I'm unlikely to get a Fire phone - 15 years as a Sprint customer means the AT&T exclusive is a hurdle. Additionally, I tend towards flagship phones, and it's early days to know how the Fire will stack up. Otherwise, I might be the perfect target audience - already a huge fan of Amazon and heavily invested in their ecosystem.
@Daleste: I agree: I want to kn ow more about the designers and makers and guts--presumably designed by Amazon's super secret Silicon Valley team in an office just down the street from Apple. I've been there but no one besides the receptionist will talk with me!
1. Amazon hasn't released a case with buttons that rapidly launch apps like.
2. Why they didn't do some work on customizing launchers to make launching their app the fastest possible and marketing that.  is a good example.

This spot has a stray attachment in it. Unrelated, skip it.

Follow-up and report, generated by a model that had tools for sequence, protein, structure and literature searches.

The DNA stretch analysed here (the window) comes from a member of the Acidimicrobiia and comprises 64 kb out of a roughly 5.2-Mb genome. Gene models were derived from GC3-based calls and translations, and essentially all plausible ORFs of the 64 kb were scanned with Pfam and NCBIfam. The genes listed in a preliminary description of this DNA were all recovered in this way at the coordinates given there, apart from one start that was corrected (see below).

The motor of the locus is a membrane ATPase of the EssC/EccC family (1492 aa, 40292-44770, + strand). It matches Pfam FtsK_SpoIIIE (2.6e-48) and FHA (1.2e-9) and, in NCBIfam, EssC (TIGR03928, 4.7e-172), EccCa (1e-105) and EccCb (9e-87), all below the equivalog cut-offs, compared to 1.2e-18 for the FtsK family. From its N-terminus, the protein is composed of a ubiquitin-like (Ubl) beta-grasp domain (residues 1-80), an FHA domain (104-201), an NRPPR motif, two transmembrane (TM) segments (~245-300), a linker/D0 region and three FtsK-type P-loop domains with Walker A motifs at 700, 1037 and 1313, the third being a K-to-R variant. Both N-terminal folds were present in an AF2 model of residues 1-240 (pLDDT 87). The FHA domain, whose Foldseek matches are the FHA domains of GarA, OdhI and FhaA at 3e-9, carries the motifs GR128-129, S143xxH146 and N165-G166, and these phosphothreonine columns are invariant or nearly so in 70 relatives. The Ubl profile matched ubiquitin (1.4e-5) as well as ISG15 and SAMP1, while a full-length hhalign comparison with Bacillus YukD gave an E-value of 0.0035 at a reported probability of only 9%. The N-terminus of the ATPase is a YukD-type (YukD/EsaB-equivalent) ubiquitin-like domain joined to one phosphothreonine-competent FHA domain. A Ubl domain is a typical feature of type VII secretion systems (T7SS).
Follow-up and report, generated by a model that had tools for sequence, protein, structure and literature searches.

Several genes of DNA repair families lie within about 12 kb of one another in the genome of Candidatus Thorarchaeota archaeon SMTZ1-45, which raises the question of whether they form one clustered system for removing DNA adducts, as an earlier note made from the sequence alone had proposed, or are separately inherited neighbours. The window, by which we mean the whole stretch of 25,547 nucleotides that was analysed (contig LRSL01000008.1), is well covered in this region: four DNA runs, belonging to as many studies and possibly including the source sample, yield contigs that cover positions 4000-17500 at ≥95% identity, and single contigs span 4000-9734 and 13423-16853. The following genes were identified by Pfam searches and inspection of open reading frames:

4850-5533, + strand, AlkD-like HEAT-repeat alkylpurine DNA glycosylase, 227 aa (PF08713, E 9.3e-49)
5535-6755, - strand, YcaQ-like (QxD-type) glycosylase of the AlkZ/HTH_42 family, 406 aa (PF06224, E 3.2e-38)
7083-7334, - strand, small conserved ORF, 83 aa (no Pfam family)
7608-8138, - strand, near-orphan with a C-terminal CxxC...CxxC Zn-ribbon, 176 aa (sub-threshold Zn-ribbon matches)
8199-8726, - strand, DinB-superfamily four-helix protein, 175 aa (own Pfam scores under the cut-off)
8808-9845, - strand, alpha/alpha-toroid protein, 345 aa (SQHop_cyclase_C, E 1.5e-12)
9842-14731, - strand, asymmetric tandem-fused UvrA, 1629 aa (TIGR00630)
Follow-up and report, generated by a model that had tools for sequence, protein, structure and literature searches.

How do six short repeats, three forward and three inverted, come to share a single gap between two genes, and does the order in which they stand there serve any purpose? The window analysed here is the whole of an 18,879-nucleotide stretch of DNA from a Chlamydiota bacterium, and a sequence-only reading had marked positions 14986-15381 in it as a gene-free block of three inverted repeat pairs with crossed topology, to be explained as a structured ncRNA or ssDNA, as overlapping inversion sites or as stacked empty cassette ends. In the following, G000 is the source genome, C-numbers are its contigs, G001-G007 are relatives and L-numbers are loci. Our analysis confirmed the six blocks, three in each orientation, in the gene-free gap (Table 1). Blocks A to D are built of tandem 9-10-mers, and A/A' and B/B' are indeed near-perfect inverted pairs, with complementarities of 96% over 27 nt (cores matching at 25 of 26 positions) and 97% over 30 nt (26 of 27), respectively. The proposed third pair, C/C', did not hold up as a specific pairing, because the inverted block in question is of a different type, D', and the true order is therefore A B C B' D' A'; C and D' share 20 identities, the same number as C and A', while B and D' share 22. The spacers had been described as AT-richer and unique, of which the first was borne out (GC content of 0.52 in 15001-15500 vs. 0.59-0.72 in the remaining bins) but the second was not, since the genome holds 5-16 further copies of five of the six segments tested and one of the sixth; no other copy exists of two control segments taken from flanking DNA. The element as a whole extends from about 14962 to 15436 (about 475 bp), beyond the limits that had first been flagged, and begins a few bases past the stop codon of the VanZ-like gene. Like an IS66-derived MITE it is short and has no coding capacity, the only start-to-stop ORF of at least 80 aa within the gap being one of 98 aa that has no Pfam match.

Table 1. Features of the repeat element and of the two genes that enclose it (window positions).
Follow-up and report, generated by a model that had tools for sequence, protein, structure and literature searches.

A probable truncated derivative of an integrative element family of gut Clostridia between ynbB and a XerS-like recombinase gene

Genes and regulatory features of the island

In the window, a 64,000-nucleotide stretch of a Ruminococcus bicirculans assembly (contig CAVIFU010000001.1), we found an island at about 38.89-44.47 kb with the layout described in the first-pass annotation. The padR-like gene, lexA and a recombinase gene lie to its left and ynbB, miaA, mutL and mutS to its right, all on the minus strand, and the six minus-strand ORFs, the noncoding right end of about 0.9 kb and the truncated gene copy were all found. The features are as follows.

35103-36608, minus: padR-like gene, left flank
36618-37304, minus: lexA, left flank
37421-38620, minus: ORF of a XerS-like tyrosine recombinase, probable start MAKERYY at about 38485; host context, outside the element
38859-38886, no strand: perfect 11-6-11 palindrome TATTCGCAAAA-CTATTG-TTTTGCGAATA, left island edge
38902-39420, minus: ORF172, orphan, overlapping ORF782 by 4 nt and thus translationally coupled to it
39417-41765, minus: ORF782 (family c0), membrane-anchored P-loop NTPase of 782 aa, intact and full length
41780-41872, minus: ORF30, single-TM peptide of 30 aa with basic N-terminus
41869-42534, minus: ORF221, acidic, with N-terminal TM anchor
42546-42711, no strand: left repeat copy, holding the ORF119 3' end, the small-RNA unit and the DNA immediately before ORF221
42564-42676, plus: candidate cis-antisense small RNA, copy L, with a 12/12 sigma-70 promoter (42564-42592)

But it seems likely that those are their next moves.
So why this phone ?
My guess , either it's targeted at a specific segment of the population(my guess would be seniors, since the mayday service is very expensive, targeted specifically at them , and they might use amazon far less often than younger people - so education/brainwashing them is worth a lot of money :) ) , or that some market moves made it less deisrable(moto g) but still after all the effort they put into it they said -let's just launch and learn what we can.
It may have changed since I saw it some years ago, but I recall when I was working on android apps that it was a serious issue for people; not only were they getting mass downloads on the free day and a cliff thereafter, but people were often giving poor reviews perhaps because the app wasn't really what they were looking for in the first place. I've noticed in the free app reviews these days that the Amazonians review the apps with more experience, so they balance their reviews by saying within them that they got the app as a FAOTD, or free app of the day.